If you think about it within the context of a continuum, social isolation will affect some runners considerably from a psychological perspective but there will be other runners who have an experience of positive and negative emotions that vary from day to day.
Equally, we shouldn’t forget that some runners enjoy going out and running on their own and might actually relish the opportunity for solitude.”
But the long term club member points out that the situation has brought about some surprising and innovative new ways for runners to feel socially connected.
“It has been fascinating to see the emergence of various 5k and 10k time trials during this period of isolation and I feel that this is a great way of ensuring that runners continue to feel part of a network.
It can also create some competitive rivalry and good camaraderie amongst runners.
I have also been hugely impressed with all of the various initiatives at Clapham Chasers including yoga mornings, which has really brought running colleagues together and helped to create a strong sense of community.”
In this together
Talking about the use of technology for social connectivity, Lloyd also emphasises the importance of ‘checking in’ your running colleagues.
“We can schedule regular catch ups with running colleagues to discuss and share thoughts about current training but there is also an opportunity for all of us to simply text, message or call a running colleague to check in and see how they are doing.
Because if you don’t hear from a running colleague that doesn’t necessarily mean that they are fine and coping perfectly during these challenging times.” That’s a simple thing that we can all do with our running friends.
Another obvious effect of the pandemic is the number of people who’ve picked up running again, as their form of daily exercise.
Getting outside for your daily exercise allowance
As well as having more time for exercise, are there psychological drivers for this?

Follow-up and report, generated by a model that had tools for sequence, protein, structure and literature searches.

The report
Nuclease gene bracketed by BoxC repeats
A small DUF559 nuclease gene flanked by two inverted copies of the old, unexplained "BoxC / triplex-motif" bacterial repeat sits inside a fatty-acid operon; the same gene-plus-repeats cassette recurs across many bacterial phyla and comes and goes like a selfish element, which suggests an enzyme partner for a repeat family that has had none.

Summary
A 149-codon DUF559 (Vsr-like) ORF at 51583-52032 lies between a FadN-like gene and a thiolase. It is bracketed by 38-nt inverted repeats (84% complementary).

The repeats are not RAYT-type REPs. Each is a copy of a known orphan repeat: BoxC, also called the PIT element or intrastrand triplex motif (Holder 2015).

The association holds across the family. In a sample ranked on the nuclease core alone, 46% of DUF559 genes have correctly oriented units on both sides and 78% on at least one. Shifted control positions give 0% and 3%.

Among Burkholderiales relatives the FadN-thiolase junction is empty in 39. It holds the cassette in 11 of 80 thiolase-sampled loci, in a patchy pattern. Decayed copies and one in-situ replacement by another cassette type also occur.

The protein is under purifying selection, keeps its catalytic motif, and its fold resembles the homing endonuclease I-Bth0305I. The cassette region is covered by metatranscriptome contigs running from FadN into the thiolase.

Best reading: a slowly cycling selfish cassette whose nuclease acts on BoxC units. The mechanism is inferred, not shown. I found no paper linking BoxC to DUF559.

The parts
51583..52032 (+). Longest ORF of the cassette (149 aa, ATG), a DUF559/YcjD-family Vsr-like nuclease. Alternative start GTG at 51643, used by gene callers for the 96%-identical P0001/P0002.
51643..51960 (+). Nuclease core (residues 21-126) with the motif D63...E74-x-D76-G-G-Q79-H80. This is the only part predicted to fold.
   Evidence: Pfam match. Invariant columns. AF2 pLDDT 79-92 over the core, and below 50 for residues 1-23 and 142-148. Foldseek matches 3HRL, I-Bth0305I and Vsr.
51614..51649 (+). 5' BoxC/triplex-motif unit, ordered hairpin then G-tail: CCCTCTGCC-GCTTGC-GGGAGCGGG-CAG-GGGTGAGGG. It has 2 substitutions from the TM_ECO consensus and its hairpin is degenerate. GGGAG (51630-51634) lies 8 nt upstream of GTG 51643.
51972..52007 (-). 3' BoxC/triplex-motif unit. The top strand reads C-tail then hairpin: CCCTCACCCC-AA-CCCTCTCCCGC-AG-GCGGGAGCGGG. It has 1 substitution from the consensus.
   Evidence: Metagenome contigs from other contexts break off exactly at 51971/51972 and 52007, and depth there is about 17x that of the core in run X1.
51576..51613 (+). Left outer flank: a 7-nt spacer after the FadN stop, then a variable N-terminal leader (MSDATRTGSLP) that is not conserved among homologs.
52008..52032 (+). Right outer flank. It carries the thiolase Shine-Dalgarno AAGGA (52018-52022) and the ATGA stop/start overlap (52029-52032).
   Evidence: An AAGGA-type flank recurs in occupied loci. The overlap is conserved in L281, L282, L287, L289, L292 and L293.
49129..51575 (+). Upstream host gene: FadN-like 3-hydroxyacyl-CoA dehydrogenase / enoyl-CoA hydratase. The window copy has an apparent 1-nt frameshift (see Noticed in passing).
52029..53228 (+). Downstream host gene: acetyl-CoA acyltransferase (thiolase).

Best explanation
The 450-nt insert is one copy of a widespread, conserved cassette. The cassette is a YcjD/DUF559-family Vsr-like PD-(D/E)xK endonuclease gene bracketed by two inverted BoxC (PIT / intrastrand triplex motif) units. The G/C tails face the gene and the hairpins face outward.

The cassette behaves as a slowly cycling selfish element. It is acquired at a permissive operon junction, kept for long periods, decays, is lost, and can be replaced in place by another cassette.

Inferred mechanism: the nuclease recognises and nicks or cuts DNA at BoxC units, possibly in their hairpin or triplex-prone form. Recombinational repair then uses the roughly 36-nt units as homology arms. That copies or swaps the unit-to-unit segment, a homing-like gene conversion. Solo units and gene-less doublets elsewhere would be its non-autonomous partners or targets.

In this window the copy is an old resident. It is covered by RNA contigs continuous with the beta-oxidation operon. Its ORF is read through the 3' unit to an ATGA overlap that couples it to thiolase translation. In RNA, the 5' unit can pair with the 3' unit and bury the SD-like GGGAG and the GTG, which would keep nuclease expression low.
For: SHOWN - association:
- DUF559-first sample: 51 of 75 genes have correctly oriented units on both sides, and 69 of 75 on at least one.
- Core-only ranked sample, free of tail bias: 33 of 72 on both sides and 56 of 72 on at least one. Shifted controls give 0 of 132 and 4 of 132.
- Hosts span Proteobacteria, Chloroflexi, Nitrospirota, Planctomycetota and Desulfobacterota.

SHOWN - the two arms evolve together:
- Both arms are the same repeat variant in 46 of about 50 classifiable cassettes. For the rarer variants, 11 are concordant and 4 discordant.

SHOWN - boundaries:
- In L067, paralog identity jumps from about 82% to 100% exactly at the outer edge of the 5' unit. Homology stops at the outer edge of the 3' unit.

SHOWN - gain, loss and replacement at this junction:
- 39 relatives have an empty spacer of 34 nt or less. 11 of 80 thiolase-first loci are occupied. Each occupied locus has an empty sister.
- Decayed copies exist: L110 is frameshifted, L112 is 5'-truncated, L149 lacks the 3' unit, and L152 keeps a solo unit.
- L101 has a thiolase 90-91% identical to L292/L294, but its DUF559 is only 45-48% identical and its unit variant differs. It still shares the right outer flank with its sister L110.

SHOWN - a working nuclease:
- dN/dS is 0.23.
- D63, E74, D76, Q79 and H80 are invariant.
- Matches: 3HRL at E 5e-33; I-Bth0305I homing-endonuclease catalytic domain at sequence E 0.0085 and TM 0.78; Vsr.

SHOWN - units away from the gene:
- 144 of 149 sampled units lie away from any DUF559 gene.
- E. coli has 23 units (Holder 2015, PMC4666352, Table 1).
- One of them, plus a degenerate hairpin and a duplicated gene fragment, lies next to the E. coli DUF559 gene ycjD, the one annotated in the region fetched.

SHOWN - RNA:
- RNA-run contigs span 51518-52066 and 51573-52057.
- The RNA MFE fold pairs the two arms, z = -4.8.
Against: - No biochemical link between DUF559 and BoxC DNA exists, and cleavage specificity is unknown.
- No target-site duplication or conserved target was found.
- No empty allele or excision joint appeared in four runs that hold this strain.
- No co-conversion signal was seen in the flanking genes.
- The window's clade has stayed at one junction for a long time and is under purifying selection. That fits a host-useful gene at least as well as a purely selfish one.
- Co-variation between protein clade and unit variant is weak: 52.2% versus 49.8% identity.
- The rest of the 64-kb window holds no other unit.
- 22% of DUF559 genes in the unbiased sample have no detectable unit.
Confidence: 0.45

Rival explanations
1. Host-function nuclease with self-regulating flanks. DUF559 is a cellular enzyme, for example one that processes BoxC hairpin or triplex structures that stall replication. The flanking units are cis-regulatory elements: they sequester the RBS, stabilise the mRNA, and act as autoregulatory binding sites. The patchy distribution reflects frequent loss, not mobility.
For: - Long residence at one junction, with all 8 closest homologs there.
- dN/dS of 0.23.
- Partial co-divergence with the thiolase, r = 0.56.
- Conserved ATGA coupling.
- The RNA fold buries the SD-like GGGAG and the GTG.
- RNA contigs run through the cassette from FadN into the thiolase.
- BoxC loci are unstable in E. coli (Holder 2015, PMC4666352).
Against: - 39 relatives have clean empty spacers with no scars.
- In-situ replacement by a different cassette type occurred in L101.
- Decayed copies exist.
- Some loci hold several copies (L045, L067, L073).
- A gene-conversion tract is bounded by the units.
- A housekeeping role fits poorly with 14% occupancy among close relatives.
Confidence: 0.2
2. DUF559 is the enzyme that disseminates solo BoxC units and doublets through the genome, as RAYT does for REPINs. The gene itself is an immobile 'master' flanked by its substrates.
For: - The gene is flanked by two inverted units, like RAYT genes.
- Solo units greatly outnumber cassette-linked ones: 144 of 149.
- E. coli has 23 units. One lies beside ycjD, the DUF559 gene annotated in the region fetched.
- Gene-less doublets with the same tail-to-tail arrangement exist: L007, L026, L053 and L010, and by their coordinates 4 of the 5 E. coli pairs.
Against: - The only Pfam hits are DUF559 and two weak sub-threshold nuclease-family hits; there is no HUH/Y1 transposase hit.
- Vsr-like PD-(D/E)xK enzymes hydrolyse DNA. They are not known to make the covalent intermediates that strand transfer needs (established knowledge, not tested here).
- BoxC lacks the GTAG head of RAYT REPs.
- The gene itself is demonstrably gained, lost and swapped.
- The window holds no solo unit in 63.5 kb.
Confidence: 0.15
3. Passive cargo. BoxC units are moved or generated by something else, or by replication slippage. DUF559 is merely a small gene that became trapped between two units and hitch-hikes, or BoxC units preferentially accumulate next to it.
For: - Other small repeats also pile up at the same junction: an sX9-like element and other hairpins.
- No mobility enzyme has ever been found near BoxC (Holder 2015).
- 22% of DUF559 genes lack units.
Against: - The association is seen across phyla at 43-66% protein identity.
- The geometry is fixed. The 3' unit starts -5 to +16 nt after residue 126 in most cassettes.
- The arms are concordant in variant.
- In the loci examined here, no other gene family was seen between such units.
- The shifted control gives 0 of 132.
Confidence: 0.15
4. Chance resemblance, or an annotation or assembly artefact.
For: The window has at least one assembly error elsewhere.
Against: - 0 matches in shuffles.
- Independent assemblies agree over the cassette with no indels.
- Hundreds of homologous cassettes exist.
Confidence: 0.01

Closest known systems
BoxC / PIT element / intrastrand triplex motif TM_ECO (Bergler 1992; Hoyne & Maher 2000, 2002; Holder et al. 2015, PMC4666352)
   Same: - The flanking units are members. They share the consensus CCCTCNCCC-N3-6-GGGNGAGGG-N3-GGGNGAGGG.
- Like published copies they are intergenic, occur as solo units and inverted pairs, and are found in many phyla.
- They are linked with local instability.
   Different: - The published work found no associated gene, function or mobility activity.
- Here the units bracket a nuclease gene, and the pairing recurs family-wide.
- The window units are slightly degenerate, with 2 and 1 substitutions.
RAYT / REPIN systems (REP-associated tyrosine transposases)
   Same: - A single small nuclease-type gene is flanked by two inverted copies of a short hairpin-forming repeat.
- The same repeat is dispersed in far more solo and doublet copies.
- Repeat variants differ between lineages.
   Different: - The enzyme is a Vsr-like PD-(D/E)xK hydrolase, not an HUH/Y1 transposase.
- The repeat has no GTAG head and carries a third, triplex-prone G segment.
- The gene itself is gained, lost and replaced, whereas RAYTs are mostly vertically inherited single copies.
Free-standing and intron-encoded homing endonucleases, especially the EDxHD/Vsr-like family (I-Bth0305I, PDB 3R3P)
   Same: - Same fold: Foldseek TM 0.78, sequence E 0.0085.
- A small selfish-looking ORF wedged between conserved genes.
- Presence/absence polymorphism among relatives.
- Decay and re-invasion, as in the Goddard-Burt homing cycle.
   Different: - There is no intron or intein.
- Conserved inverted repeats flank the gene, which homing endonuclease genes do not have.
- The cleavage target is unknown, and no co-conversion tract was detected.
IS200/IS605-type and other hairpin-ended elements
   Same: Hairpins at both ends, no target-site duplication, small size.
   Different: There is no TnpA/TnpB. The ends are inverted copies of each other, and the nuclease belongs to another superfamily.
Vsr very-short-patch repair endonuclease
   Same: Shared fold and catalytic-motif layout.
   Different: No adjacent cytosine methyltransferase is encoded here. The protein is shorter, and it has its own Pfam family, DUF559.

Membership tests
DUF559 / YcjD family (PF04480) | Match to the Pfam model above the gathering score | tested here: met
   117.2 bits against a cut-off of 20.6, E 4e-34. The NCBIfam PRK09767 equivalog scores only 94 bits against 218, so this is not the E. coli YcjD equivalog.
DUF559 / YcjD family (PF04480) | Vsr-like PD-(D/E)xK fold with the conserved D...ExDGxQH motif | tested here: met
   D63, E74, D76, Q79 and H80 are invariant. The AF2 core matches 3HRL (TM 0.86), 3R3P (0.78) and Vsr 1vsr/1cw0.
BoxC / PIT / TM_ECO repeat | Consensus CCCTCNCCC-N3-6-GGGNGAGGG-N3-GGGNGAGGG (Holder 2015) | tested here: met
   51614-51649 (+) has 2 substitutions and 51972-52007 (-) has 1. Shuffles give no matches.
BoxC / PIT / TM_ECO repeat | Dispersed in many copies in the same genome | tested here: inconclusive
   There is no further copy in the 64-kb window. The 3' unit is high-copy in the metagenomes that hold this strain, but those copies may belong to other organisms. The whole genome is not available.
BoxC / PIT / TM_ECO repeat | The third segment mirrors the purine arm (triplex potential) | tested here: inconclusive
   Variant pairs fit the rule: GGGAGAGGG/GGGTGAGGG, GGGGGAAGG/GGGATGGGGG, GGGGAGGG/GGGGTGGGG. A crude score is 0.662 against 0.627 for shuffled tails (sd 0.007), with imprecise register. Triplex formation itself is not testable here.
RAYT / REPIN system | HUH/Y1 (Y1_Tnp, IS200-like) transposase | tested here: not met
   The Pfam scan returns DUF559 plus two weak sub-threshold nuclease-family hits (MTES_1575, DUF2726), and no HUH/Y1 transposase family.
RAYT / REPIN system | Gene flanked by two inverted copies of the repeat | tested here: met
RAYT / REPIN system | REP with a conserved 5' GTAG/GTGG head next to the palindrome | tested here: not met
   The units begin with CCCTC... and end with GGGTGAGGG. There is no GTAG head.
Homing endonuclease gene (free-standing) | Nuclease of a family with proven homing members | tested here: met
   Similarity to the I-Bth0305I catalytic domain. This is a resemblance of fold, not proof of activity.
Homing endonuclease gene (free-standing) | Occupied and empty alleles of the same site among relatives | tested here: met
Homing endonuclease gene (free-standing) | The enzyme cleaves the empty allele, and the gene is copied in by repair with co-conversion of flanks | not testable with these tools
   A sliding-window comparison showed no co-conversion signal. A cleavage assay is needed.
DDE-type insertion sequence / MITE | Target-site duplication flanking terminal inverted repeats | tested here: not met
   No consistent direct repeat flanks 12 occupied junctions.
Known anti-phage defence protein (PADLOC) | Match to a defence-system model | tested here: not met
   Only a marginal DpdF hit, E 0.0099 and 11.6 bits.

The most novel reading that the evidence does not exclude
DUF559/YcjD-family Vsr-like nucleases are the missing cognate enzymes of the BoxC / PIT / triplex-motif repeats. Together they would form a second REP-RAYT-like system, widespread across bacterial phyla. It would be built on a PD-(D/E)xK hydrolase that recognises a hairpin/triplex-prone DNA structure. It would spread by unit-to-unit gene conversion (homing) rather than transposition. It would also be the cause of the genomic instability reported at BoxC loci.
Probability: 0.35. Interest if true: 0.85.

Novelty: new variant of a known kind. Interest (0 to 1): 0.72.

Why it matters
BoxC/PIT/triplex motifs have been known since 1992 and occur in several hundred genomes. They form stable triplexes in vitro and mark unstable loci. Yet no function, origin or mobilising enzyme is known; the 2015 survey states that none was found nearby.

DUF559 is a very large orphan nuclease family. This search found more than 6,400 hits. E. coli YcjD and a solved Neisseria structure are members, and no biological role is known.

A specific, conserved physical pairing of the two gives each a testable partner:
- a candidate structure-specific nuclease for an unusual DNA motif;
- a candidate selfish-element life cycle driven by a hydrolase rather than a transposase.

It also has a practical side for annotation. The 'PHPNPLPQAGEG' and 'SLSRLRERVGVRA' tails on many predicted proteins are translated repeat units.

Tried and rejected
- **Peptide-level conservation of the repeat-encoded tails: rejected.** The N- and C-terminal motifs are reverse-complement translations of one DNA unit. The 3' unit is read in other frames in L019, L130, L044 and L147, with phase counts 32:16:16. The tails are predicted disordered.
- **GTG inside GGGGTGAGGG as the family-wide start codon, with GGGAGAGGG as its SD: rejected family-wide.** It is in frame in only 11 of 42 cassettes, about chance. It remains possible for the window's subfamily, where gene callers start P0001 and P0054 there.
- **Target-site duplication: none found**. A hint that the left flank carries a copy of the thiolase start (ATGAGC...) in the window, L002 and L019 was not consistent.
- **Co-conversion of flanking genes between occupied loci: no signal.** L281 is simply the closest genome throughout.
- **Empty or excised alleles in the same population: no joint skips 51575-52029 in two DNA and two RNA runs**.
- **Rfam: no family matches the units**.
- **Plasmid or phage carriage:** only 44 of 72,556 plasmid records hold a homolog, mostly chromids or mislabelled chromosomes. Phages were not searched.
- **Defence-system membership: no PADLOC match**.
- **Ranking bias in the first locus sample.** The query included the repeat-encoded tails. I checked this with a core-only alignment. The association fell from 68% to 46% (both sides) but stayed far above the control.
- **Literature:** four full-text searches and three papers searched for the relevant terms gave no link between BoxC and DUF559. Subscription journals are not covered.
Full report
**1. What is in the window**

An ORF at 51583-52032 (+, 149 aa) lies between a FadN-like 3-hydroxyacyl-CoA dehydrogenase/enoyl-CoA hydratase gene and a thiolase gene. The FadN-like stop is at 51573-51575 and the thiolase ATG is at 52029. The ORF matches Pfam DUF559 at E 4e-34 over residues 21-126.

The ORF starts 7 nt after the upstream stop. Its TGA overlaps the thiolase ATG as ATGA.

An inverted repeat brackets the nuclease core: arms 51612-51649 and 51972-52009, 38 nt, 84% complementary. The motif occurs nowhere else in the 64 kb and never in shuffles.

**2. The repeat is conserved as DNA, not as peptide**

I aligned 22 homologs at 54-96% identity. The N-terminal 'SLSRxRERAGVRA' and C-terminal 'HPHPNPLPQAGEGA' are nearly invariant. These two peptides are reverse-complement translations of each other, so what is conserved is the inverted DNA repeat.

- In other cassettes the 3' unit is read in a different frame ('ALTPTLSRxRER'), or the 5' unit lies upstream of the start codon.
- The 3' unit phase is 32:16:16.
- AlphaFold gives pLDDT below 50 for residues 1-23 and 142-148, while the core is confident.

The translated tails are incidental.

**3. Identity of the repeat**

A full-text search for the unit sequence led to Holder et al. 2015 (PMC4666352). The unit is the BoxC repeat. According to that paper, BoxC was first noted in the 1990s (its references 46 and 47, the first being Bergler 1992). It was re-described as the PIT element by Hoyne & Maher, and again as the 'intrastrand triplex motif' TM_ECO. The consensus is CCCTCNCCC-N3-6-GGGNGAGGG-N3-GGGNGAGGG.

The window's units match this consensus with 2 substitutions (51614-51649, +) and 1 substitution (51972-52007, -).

“The mental and physical well-being benefits that have been reported within mainstream media would have contributed to more people taking up running,” said Lloyd. The continued growth of recent years might have another boom coming.
Lloyd also references parkrun as evidence for this: “there was an independent survey conducted in 2018 which highlighted that 69% of registered parkrunners reported improvements to their mental health and 79% reported improvements to their happiness.
These findings support other scientific evidence, which has repeatedly demonstrated that running can promote improved mental health and positive emotions such as happiness.”
Creating strong memories
And as for what Lloyd himself has gained from running, he says, “a memory that will always remain with me was when I crossed the finish line at Amsterdam Marathon in 2016.
It was my first ever marathon and I had only been running for two years. I had never in my wildest dreams envisaged that I could complete a marathon so that was a huge moment for me and changed my perspective on what I could achieve as a runner.”
After that first marathon Lloyd went on to run 3:18:03 at the 2019 Chester Marathon as part of the Fast Running Performance Project.
For just £30 per month athletes are provided with a Final Surge plan for each day of the week, coaching advice from Robbie Britton and Tom Craggs, as well as access to the unique Fast Running Performance community. If you would like more information on joining the project, click here.